Critical Care Plus: Group Closing GAP in Heart Attack Care
System of reminders boosts quality of care
A team of 10 detroit-area hospitals, led by physicians from the University of Michigan Health System in Ann Arbor, has reported significant success in improving the odds that heart attack patients will get the medicines, tests, procedures, counseling, and follow-ups that have been shown to improve the chances of surviving and returning to a full life.
The initiative and attendant study, sponsored by the American College of Cardiology (ACC) in Bethesda, Md., is called GAP, Guidelines Applied in Practice. The guideline-recommended therapies, tests, and counseling include:
- aspirin in the emergency department (ED) and after discharge to prevent clotting;
- beta-blockers to reduce arrhythmias;
- angiotensin-converting enzyme inhibitors to aid the heart’s recovery from damage;
- blood cholesterol tests and, in appropriate patients, treatment to lower cholesterol;
- measurement of the pumping capacity of the heart’s left ventricle;
- cardiac catheterization or other heart-imaging studies in certain patients;
- angioplasty or bypass surgery in selected patients to open or go around blocked arteries;
- smoking-cessation counseling (smoking doubles the long-term risk of another heart attack);
- diet counseling, with emphasis on low-fat diets;
- referral for outpatient rehabilitation.
The guidelines continually were communicated to physicians, nurses, and in some cases, patients, through a system of reminders, checklists, stickers, standard orders, reference cards, and educational materials.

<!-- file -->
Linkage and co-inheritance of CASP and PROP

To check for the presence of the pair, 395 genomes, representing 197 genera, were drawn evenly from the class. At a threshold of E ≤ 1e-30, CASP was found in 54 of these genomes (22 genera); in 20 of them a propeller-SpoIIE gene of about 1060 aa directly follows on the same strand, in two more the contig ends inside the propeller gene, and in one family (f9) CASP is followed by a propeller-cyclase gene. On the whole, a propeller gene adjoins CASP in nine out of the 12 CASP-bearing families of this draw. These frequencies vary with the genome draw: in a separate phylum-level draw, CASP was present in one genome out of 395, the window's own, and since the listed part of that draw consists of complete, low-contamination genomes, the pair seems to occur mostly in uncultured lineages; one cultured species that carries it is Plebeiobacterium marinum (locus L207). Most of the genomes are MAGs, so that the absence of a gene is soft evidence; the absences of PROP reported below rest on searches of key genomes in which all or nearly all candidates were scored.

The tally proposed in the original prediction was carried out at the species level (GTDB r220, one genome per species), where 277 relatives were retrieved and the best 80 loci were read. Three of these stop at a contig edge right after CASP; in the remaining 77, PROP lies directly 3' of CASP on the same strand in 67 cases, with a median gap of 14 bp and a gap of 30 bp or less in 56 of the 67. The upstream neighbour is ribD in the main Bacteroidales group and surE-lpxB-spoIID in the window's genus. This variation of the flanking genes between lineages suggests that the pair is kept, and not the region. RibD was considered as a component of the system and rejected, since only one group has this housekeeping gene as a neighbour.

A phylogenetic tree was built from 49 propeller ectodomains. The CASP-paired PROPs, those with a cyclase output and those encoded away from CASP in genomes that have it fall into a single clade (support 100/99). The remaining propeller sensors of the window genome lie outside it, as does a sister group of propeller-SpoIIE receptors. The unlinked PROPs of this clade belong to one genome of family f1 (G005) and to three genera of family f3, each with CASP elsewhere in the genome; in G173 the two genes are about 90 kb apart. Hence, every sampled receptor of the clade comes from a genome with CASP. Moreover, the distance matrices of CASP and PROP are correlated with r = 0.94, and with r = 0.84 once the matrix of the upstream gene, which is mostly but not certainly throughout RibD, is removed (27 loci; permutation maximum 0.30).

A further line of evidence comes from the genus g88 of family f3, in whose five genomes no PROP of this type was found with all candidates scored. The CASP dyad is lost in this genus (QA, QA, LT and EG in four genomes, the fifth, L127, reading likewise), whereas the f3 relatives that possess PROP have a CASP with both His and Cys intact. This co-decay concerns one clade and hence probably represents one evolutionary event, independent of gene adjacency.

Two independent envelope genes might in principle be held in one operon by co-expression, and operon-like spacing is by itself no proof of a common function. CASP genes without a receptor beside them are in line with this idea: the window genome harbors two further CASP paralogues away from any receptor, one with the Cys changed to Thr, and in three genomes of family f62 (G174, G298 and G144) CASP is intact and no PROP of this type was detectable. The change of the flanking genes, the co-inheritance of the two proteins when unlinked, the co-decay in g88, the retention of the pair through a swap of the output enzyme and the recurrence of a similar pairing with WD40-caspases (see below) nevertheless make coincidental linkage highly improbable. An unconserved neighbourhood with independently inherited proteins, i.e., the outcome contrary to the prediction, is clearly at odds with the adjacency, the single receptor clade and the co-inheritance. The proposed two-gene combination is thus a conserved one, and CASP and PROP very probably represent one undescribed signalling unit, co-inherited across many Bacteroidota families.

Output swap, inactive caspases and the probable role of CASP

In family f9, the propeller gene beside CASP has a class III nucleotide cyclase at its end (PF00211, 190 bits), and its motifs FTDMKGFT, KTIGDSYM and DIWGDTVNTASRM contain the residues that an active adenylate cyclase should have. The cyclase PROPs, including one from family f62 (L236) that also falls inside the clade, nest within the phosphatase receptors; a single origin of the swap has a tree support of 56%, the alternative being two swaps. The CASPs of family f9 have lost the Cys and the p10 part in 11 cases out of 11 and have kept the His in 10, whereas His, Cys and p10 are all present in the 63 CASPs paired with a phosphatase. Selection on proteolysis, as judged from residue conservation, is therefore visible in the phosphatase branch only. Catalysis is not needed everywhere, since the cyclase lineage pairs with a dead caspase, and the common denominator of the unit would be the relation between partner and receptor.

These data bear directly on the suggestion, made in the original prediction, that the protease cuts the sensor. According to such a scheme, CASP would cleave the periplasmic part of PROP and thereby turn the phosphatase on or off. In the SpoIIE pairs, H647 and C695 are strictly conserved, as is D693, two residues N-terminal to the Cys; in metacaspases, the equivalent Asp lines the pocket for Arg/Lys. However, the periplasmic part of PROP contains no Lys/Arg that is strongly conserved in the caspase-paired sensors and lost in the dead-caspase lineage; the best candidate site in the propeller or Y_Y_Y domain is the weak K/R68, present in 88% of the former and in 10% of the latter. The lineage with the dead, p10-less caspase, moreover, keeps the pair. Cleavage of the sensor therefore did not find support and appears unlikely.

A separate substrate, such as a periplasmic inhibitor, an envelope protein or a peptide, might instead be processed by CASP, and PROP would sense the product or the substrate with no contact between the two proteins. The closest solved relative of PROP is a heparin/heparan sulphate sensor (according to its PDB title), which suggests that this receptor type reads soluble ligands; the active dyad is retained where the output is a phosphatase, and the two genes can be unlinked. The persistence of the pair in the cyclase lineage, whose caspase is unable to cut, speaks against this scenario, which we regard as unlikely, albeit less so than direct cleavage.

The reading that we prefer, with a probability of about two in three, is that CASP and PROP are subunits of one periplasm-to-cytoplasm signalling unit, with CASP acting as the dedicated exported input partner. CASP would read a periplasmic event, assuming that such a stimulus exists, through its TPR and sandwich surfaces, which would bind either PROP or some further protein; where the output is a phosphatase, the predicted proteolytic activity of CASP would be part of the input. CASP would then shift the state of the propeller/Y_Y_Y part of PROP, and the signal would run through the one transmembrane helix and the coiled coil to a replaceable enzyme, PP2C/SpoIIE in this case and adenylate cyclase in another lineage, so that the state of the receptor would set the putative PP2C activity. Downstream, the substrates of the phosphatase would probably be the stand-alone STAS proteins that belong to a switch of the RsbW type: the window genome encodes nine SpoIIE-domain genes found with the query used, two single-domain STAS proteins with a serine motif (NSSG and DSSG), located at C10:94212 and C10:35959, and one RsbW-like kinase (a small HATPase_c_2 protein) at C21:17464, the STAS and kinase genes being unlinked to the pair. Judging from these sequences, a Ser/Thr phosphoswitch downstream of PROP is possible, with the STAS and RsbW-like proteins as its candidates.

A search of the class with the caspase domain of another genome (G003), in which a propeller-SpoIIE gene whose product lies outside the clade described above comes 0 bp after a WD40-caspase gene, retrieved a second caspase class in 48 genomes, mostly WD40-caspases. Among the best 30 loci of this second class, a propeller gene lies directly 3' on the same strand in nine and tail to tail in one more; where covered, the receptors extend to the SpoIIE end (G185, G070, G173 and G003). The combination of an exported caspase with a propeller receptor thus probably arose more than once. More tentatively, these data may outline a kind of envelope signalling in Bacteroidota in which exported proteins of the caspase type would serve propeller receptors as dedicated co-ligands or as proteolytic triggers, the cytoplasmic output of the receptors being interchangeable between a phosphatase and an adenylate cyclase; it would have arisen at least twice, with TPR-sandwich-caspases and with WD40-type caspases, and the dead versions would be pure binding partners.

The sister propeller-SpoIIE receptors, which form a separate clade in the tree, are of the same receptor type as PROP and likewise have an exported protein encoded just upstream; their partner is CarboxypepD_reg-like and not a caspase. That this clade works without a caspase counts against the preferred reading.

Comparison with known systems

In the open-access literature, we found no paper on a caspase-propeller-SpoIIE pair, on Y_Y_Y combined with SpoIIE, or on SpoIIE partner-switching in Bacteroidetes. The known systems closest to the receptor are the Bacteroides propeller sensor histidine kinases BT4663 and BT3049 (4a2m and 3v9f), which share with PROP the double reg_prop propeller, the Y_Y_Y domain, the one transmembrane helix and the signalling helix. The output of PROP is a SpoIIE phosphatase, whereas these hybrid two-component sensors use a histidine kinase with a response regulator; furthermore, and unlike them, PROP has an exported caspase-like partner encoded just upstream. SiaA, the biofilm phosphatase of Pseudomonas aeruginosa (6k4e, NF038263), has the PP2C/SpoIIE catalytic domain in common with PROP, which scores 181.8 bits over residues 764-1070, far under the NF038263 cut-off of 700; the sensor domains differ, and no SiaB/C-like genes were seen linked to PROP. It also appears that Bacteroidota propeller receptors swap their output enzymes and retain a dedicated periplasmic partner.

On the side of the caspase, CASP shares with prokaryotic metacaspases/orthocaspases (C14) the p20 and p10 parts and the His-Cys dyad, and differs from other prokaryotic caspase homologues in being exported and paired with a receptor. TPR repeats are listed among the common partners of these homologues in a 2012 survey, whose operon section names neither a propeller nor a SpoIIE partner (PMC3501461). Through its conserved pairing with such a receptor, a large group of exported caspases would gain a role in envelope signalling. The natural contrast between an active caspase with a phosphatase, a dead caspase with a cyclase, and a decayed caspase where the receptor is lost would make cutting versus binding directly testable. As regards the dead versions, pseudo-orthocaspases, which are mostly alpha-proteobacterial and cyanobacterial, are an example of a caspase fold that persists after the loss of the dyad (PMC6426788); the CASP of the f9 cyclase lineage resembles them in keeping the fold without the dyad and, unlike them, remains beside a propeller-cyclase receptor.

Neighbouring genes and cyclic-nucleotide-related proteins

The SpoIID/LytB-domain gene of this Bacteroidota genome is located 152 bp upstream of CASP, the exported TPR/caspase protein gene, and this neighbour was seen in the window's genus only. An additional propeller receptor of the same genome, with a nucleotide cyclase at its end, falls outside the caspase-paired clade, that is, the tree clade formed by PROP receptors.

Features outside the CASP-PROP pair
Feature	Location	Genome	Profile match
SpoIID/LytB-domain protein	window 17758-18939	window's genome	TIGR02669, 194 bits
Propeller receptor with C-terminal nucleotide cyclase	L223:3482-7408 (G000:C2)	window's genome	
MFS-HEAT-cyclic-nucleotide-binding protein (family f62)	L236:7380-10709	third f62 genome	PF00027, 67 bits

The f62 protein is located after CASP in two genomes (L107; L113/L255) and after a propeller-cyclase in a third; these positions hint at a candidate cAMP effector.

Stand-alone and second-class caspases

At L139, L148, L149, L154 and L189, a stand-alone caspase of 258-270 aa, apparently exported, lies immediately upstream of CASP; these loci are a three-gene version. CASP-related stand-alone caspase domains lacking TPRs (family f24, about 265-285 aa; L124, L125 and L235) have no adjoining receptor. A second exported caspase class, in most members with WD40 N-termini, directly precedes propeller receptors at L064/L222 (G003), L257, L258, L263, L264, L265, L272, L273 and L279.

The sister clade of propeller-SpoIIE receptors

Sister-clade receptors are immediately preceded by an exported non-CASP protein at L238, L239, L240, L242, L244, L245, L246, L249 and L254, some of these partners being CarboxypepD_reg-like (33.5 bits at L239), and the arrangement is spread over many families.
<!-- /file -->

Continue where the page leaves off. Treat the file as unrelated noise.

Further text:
When compared with their previous records and with hospitals that did not use the system, the participating hospitals significantly boosted the percentage of their patients who got aspirin, beta-blocker drugs, and advice on stopping smoking.
Each participating hospital could choose which of the tools in the GAP tool kit they would use. Their options included:
- standing orders for medication and tests;
- pocket cards of medications and guidelines for medical staff;
- clinical pathway that guides nurses through their daily activity;
- special patient information form;
- stickers for the patient’s chart;
- chart that shows the hospital’s overall performance;
- discharge checklist for physicians or selected nurses to review with patients;
- patient education materials, including written and verbal instruction on therapy and lifestyle.
"We presented these to all the hospitals, and they selected the two or three things they felt were most appropriate," says Rajendra Mehta, MD, MS, clinical assistant professor of cardiology at the University of Michigan Health System.
"Most chose standing orders and patient education, and all of them chose the physician pocket guide," he says. "Some chose critical pathways for nurses."
The laminated pocket guides, about 4 inches by 6 inches, contain reminders of ideal care, such as when to prescribe aspirin or beta-blockers, or thrombolytic therapy and contraindications. "They cover all basic care needs given while in the hospital and at the time of discharge," Mehta says.
A significant factor in the program’s success was extensive communication before implementation, Mehta says. "We communicated with the cardiologist champion and quality managers at each facility, as well as with the CEO. We wanted administrative buy-in," he explains.
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